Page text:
Global War - Local Views
In this book, media scholars from a number of countries and cultures provide a more global view of the 2003 Iraq War and the War on Terror than is usually present in the news media. This book will assist journalists and media workers to reflect upon their own tradecraft and to make improvements when motivated.
Never before has it been more urgent for media researchers and journalists to engage in explorations and reflections on the conditions for improved war journalism. News reports cross national borders and continents in no time; live images of war scenes constitute a competitive advantage in the struggle for television audience; war propaganda and concept management saturate the professional fields where war correspondents try to make a living under death threats; and blatant lies are promoted by democratic leaders in order to win the public opinion for military adventures. The recent wars, in particular the 2003 Iraq War, are remarkable because of the number of ‘big lies’ that have accompanied them and because these lies have been well exposed and criticised in public.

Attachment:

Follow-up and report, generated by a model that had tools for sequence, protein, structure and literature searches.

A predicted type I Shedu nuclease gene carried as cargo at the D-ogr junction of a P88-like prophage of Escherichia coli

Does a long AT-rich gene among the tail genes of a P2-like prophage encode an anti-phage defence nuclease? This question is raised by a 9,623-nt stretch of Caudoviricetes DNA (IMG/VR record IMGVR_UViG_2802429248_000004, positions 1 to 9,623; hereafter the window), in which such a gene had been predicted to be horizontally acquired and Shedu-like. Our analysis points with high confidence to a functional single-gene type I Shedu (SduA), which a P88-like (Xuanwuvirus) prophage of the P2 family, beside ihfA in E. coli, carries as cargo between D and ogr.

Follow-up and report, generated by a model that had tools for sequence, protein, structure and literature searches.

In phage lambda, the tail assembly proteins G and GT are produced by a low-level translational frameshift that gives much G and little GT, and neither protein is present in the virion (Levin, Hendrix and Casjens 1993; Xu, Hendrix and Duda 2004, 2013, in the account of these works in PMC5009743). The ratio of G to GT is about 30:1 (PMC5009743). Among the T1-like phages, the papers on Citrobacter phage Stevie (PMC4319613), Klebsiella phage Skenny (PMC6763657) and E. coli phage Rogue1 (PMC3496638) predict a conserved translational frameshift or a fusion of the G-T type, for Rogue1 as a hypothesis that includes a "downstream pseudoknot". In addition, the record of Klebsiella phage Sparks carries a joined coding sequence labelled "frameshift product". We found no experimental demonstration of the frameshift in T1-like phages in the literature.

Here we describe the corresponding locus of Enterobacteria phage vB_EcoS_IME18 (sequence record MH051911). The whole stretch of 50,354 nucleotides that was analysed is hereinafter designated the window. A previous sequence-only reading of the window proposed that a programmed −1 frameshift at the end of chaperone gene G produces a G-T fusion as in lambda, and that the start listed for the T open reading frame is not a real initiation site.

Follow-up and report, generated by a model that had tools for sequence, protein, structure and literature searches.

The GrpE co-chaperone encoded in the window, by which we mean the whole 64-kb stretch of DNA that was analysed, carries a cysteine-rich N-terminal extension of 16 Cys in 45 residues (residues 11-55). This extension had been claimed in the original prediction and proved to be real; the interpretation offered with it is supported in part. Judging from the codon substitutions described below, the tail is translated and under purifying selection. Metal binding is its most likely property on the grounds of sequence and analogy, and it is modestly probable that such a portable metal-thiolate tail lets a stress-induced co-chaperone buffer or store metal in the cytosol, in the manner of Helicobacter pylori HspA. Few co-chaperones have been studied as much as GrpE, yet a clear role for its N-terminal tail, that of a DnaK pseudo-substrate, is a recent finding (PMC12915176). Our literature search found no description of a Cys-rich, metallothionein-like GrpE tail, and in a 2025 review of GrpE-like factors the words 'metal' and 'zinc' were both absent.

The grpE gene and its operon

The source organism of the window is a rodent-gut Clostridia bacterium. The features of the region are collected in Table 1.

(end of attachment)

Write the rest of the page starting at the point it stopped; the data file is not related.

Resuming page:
For media research it is urgent to analyse some crucial aspects of media reflexivity based on the cumulative experiences from the recent conflicts. This book contributes to increased reflexivity by rich insights into how the Iraq War was related to national policies and local conditions. The authors have also studied whether or not the media elaborate on their own role. Self-criticism on the part of the media and journalists is a virtue of utmost importance in war reporting, not least from a democratic and professional point of view.
The PDF available here is an extended version of this volume with additional contributions from: Ahmed El-Gody, Tine Ustad Figenschou, Johan Gunnarsson, Martin Hirst and Robert Schütze, Berit von der Lippe and Brigitte Mral.